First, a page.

For people who aren’t fans of the genre, sure these films may fit the mold but what about us permanent horror fans? Where are the horror films that are nods to us and not the visitors of the genre? Our films are waiting in the crevices of over-gorged options in Amazon SVOD. Ours are on platforms that are illegal. Ours are hidden in the recesses of video stores (if your area still has one that is), or plainly hidden from the masses. Hereditary is a great film but I wouldn’t say it’s a good horror film. It’s effective and enjoyable but as a horror fan forever chasing the next high of a film that will shake me to my core and give me nightmares, where is that movie in theaters? Will it be the upcoming Halloween reboot that severs the family ties of Michael Myers and return him to brainless killer out for blood? My fingers are crossed in hopes of yes because the horror genre is in desperate need of a revival.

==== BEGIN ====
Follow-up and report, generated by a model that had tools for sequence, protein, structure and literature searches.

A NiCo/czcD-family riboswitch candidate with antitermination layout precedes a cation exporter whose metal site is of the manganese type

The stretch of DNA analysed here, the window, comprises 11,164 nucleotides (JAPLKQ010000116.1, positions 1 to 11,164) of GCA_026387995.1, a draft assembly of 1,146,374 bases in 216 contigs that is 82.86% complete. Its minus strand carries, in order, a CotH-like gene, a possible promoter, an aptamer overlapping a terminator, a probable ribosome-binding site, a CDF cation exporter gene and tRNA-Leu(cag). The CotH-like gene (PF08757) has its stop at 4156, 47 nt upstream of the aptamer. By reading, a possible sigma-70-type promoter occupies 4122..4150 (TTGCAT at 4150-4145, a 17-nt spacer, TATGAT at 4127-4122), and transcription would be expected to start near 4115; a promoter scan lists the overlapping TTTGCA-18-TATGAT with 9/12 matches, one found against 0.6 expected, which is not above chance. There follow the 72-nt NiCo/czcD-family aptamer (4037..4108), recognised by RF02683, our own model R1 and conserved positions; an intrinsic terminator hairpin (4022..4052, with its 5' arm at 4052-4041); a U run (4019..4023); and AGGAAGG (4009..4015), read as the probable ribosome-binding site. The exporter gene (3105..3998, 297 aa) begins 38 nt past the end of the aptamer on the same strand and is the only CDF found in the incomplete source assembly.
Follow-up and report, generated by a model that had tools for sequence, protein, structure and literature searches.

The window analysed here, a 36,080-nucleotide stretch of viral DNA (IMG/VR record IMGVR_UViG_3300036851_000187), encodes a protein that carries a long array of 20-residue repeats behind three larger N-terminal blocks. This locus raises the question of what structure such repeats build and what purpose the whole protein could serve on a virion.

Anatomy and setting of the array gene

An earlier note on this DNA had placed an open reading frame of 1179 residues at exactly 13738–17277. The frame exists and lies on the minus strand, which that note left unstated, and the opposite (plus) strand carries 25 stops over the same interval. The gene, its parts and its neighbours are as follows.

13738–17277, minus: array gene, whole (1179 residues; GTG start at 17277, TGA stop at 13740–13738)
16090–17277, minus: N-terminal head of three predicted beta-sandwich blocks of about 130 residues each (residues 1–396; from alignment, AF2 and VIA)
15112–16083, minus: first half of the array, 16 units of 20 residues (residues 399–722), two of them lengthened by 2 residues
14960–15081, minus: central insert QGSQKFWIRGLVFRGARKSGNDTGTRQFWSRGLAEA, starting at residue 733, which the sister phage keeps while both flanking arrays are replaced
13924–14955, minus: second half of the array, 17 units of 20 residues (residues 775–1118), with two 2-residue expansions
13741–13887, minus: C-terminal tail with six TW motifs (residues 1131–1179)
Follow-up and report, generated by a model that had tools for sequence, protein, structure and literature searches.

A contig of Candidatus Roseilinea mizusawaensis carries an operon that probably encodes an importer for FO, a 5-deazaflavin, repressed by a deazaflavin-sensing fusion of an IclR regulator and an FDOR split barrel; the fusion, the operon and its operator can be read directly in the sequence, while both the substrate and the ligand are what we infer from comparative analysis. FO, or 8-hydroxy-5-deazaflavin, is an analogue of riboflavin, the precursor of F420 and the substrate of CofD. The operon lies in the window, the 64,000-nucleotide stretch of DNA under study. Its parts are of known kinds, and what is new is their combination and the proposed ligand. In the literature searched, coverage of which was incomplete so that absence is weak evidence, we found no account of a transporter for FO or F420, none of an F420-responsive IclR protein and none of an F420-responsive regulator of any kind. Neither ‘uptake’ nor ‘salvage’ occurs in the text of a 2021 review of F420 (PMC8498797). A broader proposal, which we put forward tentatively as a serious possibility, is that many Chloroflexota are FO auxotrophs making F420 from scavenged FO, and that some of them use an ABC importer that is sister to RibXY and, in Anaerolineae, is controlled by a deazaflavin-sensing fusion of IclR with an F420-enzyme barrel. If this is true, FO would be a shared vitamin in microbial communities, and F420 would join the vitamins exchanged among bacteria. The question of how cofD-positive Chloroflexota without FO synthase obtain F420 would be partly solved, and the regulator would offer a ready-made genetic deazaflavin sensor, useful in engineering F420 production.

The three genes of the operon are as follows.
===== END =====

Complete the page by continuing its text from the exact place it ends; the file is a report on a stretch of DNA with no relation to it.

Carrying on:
SEE IT. But if you’re looking for a truly horrific film look elsewhere. Horror fans, what’s been your favorite horror movie in the last few years?

2 Comments leave one →
  1. June 15, 2018 10:45 AM

    I hate that the marketing called it this generation’s Exorcist, because it creates such unrealistic expectations. Regardless, I liked this one a lot, but I’m afraid the average moviegoers will be let down. Great review!

    • June 16, 2018 8:19 PM

      Thank you kindly! I’m really interested to see what the general consensus is for upcoming horror films like Unfriended and Halloween.